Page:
In Brief

World Cup 2022 under threat as diplomatic crisis hits Qatar

Fifa's controversial choice of hosts accused of funding terrorism by Middle Eastern neighbours

Qatar's hosting of the 2022 World Cup could be in doubt after several of its Middle Eastern neighbours cut diplomatic ties and accused it of funding terrorism.

Football's world governing body, Fifa, would only say it is in "regular contact" with the tournament organisers. However, The Guardian says the "prospect of Qatar hosting the 2022 World Cup has been plunged into the most serious doubt".

Saudi Arabia, Egypt, the United Arab Emirates, Bahrain and other nations severed links with the country on Monday, essentially blockading the peninsula by cutting off land, air and sea routes.

The diplomatic crisis leaves Qatar facing several problems:

Building work

With land and sea borders now closed, Qatar's major construction projects could stall.

In addition to building new stadiums for the 2022 World Cup, other projects include a new port and a metro system in the pipeline, says the BBC.

"Key materials, including concrete and steel come in by ship but also by land from neighbouring Saudi. The closure of that border could, as with food - push up prices and lead to delays."

It is a serious problem, says the Guardian. "The multibillion-dollar preparations to host the 2022 tournament, which involve building nine stadiums and huge infrastructure, is put into perspective by local reports that Qataris are so worried about the blockade that they are stocking up on food.

"The border with Saudi Arabia is the only road route into the country; Qatar relies on sea ports for its materials and the blockade of airspace is a huge logistical handicap to the country and its flagship airline, Qatar Airways."

Fan issues

It is still five years until the tournament in Qatar, but a similar crisis in 2022 would leave fans unable to attend.

"Abu Dhabi's Etihad Airways and Dubai's Emirates are suspending all flights to and from Doha, starting from Tuesday morning. Both carriers operate four daily return flights to Doha," says the BBC. "Budget carriers FlyDubai and Air Arabia are also cancelling routes to Doha, with other airlines, including Bahrain's Gulf Air and Egyptair expected to follow suit."

Citibank analysts have also warned that "if sanctions are not resolved in short order, World Cup construction could be impacted, and plans for fans to base themselves in neighboring countries might also be affected", reports Arab News.

Political boycotts

Part of Qatar's pitch to win the tournament was to present itself as "one of the most stable countries in the Middle East", says Kristian Ulrichsen, a Gulf analyst with the Baker Institute at Rice University in Houston.

"With that potentially called into question - and the fact there are other countries which could host the event at little notice - organisers may be getting anxious," reports in Australia.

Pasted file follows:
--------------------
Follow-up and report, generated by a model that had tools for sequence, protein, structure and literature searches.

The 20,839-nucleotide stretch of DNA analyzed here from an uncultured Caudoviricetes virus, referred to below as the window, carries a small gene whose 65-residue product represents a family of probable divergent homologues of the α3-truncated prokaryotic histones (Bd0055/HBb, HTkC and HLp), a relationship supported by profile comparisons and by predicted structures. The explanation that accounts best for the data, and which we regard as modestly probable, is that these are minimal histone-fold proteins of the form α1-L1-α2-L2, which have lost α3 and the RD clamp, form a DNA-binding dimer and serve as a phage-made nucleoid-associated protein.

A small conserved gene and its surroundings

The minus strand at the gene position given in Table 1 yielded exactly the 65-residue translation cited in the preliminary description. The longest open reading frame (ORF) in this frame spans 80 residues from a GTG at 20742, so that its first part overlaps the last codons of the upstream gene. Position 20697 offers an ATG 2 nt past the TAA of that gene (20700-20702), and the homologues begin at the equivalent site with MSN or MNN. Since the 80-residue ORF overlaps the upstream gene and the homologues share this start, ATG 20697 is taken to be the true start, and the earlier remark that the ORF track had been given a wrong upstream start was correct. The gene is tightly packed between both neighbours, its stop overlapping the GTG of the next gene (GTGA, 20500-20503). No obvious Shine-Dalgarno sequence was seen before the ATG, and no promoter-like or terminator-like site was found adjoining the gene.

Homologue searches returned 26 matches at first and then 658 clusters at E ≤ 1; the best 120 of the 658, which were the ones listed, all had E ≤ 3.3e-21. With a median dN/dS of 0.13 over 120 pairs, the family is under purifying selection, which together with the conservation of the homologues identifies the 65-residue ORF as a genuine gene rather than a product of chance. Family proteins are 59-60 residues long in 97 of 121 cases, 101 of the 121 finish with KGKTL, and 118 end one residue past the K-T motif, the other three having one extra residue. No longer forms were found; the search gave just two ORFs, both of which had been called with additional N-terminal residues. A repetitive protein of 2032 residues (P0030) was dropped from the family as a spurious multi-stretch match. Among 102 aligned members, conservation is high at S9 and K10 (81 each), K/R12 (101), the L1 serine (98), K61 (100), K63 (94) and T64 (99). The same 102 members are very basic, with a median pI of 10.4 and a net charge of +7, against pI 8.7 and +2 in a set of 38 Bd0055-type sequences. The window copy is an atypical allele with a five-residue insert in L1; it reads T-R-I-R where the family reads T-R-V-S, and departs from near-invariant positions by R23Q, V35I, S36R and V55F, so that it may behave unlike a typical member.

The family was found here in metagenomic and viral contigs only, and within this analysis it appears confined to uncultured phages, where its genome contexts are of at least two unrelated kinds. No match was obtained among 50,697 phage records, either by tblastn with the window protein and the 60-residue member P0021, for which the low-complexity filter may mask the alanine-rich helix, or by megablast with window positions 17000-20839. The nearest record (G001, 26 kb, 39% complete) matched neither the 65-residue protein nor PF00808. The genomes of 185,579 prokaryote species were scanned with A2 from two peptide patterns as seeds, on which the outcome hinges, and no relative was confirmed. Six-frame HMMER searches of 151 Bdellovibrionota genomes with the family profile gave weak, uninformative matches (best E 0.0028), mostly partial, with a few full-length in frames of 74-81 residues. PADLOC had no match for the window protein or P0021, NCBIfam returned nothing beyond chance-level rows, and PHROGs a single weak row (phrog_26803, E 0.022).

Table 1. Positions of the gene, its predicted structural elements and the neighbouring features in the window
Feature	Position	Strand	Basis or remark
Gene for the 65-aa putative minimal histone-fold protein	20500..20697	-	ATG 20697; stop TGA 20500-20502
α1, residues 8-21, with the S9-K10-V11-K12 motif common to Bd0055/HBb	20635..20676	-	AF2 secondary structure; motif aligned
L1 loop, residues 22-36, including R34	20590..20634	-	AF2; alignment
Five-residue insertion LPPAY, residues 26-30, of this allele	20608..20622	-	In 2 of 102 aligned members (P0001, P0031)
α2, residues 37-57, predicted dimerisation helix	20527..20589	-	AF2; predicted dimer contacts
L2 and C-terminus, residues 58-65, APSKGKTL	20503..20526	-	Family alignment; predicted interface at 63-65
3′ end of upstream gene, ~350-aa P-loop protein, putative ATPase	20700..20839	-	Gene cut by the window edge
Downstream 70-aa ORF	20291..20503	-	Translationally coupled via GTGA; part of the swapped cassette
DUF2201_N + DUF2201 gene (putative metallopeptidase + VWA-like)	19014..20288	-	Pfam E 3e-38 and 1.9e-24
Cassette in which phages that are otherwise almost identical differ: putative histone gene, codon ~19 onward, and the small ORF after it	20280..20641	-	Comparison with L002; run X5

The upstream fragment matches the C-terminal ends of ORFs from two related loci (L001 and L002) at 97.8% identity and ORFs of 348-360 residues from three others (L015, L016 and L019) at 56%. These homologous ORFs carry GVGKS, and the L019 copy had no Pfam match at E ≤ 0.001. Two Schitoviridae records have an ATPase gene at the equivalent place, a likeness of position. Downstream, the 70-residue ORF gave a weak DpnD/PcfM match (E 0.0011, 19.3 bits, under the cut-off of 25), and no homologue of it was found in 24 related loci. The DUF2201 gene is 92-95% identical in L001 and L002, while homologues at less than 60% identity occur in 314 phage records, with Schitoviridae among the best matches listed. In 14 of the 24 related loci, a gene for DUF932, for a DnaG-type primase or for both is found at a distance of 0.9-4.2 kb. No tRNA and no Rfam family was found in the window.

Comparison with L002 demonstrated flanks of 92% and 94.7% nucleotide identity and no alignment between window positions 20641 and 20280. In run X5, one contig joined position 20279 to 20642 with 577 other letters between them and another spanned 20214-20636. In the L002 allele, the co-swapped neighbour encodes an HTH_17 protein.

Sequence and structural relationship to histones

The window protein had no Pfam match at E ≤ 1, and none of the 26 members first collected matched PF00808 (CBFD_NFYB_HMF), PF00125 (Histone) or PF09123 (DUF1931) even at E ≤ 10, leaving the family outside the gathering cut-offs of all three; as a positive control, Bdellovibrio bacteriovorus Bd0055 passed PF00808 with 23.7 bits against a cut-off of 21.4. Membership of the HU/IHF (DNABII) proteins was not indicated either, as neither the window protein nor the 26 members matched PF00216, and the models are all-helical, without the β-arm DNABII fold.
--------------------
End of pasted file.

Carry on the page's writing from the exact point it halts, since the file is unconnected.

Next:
The spectre of a political boycott is looming. Qatar is under scrutiny for its record on human rights and the current world champions, Germany, have expressed concern over the allegations at the centre of the diplomatic crisis.

"One thing is clear," says DFB, the German football association. "The football community worldwide should agree that... major tournaments should not be played in countries that actively support terror."

Sponsorship problems

Qatar has strong sporting links and is a sponsor of Fifa. It also owns French football club Paris Saint-Germain - and those relationships could be damaged.

Business deals are starting to "crumble", says the BBC, adding: "Major Saudi football team Al-Ahli has cancelled a sponsorship deal with Qatar Airways."

Barcelona was sponsored by Qatar Airlines, but their deal is due to finish at the end of the month.

Losing the tournament

The worst-case scenario would see Qatar stripped of the right to host the tournament.

The Gulf Cup of Nations, scheduled to take place in Doha in December, is already in doubt, according to Arab News.

"If the allegations are proved correct, then Qatar could end up having the World Cup taken away by Fifa, with the United States likely to step in," reports The Sun.

However, USA Today says that with the country bidding for the 2026 tournament, it may not be keen to step in, which that leaves Fifa in a mess of its own making.

"This is a tournament that should have been stripped away years ago. Now it is at a point where that might be too late," says the paper. "Given that taking such a decision would be a monumental one, Fifa will almost certainly keep its fingers crossed and let things play out.

"Fifa is stuck with its troubled and tarnished host, stuck with its greedy and sullied decision, stuck in a pickle of entirely its own making."


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